Duty Free Zone An area where goods or cargo can be stored without paying import customs duties awaiting further transport or manufacturing.
DWCC Dead weight cargo capacity
DWT See Deadweight.
ETD See: Estimated Time of Departure
ETS Expected time of sailing
Europallet(s) The Europallet is the supposedly standard pallet for the European Union countries.  It covers an area of 1 metre x 1 metre and is therefore smaller than the pallets currently in use in most other parts of the world (e.g. Australia where the standard pallet is 1.17 x 1.17 meters).  The ability/inability of some destinations to handle one or other of the types of pallets can cause needless added expense (unless we're doing the re-palletisation, then it's good for the profit margin!).
European Article Numbering Association (EAN) An international body responsible for administering the European Article Numbering system. It has affiliates in many countries such as: CCG in West Germany, DCC in Japan, ANA in the United Kingdom. Note: The North American body responsible for the Uniform Product Code (UPC) coding is the Uniform Code Council. (UPC is a subset of EAN).
European Pallet Pool Pool for the exchange of standard size pallets (Europallets) in European cargo traffic, formed in 1961 by a number of European rail administrators.
European Zone Charge (EZC) A charge for inland haulage transport in case of carrier haulage in Europe.
EVA Economic Value Added
Even Keel Said of a vessel which is balanced in such a way that the draft forward and aft is the same as the draft in the midship of the vessel on both sides.
Event An occurrence.
Ex Works ... Ex works means that the seller fulfils his obligation to deliver when he has made the goods available at his premises (i.e. works, factory, warehouse, etc.) to the buyer. In particular, he is not responsible for loading the goods on the vehicle provided by the buyer or for clearing the goods for export, unless otherwise agreed. The buyer bears all costs and risks involved in taking the goods from the seller's premises to the desired destination. This term thus represents the minimum obligation for the seller. This term should not be used when the buyer cannot carry out directly or indirectly the export formalities. In such cases, the FCA term should be used.
Excess Going over the prescribed amount or degree e.g. excess luggage is luggage of which the weight is over the weight for free carriage.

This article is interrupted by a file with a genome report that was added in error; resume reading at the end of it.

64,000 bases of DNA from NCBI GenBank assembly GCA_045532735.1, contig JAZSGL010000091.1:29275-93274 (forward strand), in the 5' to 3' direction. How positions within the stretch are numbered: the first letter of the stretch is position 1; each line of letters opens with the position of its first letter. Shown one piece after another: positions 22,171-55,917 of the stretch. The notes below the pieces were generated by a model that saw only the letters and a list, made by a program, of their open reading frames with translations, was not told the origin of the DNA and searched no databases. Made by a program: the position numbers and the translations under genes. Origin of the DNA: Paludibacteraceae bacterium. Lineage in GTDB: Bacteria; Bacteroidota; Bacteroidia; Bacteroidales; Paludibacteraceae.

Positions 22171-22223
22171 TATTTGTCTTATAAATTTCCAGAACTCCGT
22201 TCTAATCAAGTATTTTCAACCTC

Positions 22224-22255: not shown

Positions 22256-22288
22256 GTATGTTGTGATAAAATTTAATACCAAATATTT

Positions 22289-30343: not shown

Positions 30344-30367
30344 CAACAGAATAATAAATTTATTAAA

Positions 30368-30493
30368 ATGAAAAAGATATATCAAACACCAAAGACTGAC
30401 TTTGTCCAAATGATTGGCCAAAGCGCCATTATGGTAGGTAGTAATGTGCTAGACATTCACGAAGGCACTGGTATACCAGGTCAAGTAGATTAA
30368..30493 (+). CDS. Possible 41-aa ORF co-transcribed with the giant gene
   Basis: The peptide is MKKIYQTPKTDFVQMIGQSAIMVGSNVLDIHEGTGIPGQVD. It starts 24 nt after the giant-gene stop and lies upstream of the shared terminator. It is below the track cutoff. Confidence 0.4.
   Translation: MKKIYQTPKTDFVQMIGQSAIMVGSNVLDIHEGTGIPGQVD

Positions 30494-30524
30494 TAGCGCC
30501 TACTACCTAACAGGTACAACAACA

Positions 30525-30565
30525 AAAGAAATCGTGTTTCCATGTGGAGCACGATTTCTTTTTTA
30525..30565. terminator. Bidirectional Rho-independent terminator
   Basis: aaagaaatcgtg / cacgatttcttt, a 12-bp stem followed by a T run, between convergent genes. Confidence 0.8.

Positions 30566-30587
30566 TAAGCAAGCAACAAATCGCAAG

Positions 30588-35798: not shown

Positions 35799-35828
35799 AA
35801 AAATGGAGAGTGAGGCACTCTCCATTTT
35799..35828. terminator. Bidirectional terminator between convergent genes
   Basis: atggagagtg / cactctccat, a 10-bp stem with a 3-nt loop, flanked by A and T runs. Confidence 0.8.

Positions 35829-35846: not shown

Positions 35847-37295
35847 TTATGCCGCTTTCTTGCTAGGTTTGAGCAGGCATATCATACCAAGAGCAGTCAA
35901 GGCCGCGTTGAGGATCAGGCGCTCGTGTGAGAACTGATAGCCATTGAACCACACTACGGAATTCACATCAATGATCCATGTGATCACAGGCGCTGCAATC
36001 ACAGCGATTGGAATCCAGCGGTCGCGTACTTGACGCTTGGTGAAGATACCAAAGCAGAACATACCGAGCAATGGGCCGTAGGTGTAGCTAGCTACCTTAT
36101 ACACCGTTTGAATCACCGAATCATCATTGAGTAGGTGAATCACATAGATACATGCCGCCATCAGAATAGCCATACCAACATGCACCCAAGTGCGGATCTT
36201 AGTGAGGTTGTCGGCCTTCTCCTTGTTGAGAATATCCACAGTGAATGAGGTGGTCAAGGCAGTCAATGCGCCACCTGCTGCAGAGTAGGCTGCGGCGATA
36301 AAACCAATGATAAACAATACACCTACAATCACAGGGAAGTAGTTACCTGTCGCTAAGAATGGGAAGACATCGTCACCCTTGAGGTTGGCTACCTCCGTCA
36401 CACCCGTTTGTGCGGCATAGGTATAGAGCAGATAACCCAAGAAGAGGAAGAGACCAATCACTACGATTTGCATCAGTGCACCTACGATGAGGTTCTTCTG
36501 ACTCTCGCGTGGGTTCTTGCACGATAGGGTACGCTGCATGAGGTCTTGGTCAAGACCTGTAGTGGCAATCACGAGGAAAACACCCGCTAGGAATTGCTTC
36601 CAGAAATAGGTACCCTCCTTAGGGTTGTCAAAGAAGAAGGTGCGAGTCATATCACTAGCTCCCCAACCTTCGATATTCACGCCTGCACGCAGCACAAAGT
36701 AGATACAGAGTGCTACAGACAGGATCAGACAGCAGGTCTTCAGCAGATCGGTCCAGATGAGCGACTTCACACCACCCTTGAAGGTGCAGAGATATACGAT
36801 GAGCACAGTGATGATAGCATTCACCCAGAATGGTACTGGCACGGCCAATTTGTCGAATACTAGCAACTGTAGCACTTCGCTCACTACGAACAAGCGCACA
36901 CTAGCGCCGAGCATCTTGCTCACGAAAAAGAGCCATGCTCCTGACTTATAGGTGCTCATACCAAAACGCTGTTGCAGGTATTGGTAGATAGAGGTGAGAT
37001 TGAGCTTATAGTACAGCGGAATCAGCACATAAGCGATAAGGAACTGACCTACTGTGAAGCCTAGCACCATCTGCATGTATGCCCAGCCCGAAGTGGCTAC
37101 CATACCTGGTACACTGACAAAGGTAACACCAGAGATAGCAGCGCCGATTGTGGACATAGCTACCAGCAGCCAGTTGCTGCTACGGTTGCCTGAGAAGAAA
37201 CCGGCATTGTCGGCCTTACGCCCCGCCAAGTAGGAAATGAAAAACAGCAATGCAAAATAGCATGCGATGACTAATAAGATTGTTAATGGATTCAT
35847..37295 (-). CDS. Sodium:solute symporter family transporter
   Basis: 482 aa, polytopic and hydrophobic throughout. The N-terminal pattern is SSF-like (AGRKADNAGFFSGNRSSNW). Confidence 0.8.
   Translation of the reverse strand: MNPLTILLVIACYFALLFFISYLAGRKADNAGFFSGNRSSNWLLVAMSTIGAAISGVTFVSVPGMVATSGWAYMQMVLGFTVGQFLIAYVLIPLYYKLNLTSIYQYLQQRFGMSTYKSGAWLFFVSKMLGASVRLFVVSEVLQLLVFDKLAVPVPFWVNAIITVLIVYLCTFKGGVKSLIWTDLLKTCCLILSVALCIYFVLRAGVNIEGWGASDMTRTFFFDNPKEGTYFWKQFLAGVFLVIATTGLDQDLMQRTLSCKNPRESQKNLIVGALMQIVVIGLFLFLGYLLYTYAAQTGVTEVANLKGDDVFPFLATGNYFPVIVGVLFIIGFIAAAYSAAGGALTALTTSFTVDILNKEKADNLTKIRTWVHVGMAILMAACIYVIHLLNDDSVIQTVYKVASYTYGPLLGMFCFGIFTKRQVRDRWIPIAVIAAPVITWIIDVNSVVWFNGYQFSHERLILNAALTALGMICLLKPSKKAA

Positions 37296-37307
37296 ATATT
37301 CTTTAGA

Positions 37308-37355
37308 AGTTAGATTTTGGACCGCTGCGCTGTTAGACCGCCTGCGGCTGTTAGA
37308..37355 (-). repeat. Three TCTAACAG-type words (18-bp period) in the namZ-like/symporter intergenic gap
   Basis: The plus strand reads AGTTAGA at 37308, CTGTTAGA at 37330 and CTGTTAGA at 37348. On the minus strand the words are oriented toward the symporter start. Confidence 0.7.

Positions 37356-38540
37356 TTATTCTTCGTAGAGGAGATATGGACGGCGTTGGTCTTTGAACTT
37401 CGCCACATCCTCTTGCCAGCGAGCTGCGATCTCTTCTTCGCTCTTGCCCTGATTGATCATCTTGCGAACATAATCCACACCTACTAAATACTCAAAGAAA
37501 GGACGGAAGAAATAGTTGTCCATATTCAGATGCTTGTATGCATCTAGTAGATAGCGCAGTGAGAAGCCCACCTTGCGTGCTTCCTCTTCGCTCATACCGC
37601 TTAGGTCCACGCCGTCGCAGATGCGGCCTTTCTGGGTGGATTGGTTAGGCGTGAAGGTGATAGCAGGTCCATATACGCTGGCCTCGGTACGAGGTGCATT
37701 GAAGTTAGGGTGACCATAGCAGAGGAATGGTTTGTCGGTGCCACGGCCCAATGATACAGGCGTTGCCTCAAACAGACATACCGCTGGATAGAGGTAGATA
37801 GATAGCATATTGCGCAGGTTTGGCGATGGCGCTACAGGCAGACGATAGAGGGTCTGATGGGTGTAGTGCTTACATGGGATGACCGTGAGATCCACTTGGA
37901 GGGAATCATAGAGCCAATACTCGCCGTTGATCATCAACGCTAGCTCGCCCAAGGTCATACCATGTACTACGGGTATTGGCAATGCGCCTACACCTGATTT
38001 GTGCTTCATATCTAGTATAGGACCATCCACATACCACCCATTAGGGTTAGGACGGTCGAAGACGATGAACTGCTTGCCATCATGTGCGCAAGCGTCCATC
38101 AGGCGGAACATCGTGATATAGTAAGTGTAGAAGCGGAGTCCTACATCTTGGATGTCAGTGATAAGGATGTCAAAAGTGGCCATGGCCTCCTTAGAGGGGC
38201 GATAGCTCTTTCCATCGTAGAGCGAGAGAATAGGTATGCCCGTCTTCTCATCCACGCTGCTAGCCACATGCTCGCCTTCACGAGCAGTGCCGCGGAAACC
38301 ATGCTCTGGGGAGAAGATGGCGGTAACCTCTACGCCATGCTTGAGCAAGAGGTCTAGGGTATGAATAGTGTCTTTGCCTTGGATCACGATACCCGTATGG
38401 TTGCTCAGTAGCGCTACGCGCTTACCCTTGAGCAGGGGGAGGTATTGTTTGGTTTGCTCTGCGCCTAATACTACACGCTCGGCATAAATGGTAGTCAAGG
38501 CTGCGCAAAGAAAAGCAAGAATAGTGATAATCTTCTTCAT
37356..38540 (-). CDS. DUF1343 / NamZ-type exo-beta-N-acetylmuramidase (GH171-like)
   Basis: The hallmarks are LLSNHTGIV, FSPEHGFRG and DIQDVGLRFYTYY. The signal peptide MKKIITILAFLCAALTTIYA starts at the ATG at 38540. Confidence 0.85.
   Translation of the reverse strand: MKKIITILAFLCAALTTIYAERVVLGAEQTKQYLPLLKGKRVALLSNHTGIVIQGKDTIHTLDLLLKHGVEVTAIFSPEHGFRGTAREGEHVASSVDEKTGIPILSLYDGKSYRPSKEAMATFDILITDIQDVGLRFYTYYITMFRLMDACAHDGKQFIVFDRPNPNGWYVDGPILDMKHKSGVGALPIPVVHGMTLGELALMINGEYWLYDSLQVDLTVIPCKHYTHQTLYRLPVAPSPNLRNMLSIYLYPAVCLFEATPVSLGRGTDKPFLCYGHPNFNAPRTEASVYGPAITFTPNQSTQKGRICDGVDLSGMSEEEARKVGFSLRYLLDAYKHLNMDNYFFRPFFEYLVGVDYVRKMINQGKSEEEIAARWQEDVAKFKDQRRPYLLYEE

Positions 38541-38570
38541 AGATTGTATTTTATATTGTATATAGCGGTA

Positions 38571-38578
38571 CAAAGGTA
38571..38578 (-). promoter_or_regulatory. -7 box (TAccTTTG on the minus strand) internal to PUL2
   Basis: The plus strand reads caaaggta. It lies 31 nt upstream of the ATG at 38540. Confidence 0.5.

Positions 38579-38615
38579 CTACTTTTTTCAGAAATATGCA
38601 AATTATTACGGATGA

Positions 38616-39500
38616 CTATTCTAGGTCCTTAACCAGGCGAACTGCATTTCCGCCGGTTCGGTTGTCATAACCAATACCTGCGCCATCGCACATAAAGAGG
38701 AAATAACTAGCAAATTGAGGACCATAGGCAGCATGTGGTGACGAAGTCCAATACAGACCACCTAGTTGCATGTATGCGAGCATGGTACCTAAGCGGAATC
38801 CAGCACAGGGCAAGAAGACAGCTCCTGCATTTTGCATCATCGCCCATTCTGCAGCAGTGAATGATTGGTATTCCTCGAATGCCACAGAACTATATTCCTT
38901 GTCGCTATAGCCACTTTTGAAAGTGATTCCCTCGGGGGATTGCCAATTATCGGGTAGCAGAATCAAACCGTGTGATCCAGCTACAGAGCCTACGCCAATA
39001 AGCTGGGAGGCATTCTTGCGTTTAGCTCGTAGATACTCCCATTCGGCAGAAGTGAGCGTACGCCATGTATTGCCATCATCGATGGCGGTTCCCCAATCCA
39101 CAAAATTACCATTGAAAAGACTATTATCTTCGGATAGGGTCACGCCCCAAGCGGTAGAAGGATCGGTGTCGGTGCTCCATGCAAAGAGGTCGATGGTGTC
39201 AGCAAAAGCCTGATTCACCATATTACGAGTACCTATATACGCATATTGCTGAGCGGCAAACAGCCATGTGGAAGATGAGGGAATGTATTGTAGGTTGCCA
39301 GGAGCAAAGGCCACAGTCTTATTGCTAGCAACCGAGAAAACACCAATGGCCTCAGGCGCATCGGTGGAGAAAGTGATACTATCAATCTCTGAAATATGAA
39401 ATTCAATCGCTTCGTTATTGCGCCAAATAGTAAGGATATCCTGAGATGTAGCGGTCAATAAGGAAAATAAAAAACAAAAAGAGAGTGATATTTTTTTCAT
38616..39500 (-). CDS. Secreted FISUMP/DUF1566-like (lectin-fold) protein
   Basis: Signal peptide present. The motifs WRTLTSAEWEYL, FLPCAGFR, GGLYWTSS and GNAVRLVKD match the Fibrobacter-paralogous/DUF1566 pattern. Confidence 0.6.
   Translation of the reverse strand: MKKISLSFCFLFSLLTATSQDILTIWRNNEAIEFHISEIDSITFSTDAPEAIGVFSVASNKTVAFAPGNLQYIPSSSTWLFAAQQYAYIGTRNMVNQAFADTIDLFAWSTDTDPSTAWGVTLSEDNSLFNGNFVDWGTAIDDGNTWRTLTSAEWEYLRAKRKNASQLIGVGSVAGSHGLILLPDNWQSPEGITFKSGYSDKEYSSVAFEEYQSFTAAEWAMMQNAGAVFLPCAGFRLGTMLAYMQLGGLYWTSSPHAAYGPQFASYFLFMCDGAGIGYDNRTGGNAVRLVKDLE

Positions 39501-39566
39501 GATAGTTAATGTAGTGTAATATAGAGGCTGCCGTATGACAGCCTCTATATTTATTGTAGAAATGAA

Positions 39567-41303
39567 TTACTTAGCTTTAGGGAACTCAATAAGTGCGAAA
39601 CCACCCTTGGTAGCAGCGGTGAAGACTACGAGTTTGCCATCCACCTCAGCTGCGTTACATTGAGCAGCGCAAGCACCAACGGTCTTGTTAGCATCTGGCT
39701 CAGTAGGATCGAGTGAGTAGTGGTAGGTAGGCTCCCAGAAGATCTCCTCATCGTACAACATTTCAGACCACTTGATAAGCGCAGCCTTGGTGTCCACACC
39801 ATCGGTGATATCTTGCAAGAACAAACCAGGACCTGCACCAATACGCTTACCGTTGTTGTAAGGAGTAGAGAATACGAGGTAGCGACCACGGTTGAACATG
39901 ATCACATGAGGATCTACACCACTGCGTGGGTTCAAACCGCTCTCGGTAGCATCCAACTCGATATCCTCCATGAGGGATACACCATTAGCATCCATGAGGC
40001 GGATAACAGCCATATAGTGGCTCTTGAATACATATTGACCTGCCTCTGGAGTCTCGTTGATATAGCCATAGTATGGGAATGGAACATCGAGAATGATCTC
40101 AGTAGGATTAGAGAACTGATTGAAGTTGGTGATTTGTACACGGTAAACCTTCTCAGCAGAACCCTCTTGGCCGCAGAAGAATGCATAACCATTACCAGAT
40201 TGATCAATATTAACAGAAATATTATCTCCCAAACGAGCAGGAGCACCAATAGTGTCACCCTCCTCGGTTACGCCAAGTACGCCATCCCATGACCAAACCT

Excess Stock That portion of stock on hand which is over and above desired stock level.
Exchange Rate The rate at which one currency can be exchanged for another, usually expressed as the value of the one in terms of the other.
Exchanges Two-sided marketplaces where buyers and suppliers negotiate prices, usually with a bid and ask system, and where prices move both up and down. Work best with easily definable products without complicated attributes--commodities, perishable items such as food, or intangibles such as electric power. Produce fluctuating, sometimes volatile prices. Particularly appropriate if a true market price is difficult to discover. Also work where brokers make high margins by buying low and selling high to purchasers who don't know the original sellers. Examples: Altra (energy), Paper Exchange (paper products), GoFish.com (frozen fish), Arbinet (telecommunications bandwidth). Synonyms: digital exchange, online exchange, dynamic exchange, dynamic trading exchange.
Excl. Excluding
Execution The actual act of carrying out a task.
Exempt Carrier Company which transports commodities exempted from Interstate Commerce Commission (ICC) economic regulation.
Exemption Clause A clause in a contract, which relieves the carrier's responsibility for certain events. Synonym: Exceptions Clause.
Expected Likely to occur or appear.
Expediting The 'rushing' or 'chasing' of production or purchase orders which are needed in less than the normal lead time.
Expendable Pallet See disposable pallet. Synonym: One Way Pallet.
Expenses Costs paid out in connection with booking of cargo and arranging transport (e.g. commission).
Expiration Termination of a certain period.
Exponential market Where one party can be both a buyer and seller. Both buyers and sellers benefit when a new participant joins because fewer participants are needed to create higher volumes. Grow faster than linear markets. Require well-defined or commoditized products to make purchase and sale easy. Transaction costs must be low to keep the market liquid. Examples: Altra (energy), e-Steel, MetalSite. Synonym: circular market. Antonym: linear market.
Export The process of carrying or sending goods to another country or countries, especially for purposes of use or sale in the country of destination. The sale of products to clients abroad.
Export Declaration A document required by the U.S. Treasury Department and completed by a shipper indicating the contents, value, and destination of an export shipment.
Export Licence Document granting permission to export as detailed within a specified time.
Export Packer Company, packing goods for export.
Export Parts Consolidation The unification process of shipments being exported and transported to locations throughout the world.
Exporter The party responsible for the export of goods.
EXQ Ex quai -costs and risks to be accepted ex (from) wharf at named port (port of destination discharge port) (Incoterms)
EXS Ex ship (Incoterms)
External Storage Buying of a storage service which includes renting cost and input/output of material.
External Transportation Transportation between different companies, facilities etc. Often a description of transportation outside the gates of the company. Please compare with "internal transportation".